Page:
The results of early studies suggest that nitric oxide (NO) synthesis inhibition may be therapeutic in sepsis, but recent data indicate that NO inhibition may be harmful. This study investigates the effects of NO synthesis inhibition with N-nitro-L-arginine methyl ester (NAME) on regional blood flow following endotoxemia. Anesthetized, instrumented swine were randomly divided into four groups. Controls received normal saline resuscitation (NSR) at 1 cc/kg/min beginning at T0. The lipopolysaccharide group (LPS) received NSR and Escherichia coli LPS, 200 μg/kg at T0. The LPS + NAME group received NSR and LPS at T0, plus NAME (50 μg/kg/min) starting at T1. The NAME group received only NSR and NAME. Hemodynamic data, regional blood flow, and gastric intramucosal pH (pH(i)) were measured hourly. LPS increased renal and carotid blood flow consistent with a hyperdynamic state. Mesenteric blood flow was decreased. Treatment of endotoxic animals with NAME decreased renal and carotid blood flow. Mesenteric blood flow and gastric pH(i) were improved by NAME. NO inhibition in endotoxic shock results in decreased carotid and renal blood flow, by decreasing cardiac output. Mesenteric blood flow and perfusion were improved; however, this requires further study for validation.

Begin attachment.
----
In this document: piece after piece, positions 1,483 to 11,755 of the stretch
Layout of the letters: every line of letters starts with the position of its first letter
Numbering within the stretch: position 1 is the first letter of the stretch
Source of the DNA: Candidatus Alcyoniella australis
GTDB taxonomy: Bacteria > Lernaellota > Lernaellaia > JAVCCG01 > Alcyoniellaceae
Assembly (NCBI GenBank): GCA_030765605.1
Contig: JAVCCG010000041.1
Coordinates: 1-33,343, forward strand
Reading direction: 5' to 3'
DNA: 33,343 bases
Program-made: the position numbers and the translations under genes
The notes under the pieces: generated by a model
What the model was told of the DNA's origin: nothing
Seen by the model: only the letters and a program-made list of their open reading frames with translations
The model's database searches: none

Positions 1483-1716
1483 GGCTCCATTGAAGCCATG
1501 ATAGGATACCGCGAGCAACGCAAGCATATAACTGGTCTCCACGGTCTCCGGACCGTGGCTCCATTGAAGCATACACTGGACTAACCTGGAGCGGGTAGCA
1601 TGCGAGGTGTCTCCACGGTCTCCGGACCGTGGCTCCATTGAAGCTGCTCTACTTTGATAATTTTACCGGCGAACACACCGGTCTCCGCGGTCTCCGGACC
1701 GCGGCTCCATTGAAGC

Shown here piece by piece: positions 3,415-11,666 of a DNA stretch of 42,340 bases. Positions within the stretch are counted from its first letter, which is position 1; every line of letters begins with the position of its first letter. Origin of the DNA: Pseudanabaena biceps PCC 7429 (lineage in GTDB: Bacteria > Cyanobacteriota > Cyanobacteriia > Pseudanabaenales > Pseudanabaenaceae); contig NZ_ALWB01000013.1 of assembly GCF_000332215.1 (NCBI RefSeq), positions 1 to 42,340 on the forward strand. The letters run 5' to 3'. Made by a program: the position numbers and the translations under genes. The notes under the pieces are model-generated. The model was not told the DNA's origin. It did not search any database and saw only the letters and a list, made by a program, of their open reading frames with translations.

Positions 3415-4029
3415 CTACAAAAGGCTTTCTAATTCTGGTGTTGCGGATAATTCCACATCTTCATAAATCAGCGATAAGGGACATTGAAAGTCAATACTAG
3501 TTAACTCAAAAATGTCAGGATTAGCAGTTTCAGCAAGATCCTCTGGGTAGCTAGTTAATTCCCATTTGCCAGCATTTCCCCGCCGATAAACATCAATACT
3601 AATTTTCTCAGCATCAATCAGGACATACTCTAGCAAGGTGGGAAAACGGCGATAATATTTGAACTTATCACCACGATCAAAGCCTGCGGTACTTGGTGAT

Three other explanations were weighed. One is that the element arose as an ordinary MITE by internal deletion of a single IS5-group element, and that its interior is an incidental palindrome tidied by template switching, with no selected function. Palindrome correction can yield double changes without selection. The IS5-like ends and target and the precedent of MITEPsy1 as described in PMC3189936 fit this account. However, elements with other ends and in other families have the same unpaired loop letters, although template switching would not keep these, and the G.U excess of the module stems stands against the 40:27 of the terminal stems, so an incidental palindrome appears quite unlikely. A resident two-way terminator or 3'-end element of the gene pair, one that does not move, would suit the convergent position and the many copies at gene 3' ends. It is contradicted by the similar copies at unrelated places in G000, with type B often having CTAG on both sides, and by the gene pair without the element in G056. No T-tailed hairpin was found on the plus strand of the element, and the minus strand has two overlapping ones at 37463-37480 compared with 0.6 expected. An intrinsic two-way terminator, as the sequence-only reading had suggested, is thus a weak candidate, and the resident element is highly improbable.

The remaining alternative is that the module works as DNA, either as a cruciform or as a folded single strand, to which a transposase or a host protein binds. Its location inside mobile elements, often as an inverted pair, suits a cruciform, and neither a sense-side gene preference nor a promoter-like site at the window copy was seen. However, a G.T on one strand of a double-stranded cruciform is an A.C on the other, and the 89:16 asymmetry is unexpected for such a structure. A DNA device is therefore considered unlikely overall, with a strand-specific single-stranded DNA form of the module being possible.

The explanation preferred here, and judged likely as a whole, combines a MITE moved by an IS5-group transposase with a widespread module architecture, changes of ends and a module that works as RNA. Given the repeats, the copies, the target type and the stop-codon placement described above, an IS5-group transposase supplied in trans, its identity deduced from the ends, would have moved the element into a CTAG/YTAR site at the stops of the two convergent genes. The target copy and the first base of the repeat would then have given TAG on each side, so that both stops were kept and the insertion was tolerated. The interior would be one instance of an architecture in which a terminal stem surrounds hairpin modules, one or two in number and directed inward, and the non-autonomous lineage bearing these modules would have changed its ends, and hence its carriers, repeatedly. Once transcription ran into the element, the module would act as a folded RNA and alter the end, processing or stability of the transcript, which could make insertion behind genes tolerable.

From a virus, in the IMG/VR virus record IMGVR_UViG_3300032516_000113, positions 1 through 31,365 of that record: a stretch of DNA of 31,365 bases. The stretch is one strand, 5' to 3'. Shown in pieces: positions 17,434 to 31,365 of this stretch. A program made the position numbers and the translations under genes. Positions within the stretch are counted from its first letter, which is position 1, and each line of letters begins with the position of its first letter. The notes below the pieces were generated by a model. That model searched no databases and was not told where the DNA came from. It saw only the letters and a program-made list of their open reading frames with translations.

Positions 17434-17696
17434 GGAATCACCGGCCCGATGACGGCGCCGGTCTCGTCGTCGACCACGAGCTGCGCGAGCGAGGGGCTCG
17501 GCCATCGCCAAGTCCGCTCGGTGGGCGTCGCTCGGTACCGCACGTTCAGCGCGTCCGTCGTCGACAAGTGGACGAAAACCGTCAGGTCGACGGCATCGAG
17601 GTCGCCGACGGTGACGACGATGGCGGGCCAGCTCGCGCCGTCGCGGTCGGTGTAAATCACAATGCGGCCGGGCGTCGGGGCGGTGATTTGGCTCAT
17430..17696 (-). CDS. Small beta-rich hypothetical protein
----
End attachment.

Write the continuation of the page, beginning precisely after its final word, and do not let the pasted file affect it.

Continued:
|Original language||English (US)|
|Number of pages||6|
|Journal||Journal of Trauma - Injury, Infection and Critical Care|
|State||Published - Sep 12 1995|
ASJC Scopus subject areas
- Critical Care and Intensive Care Medicine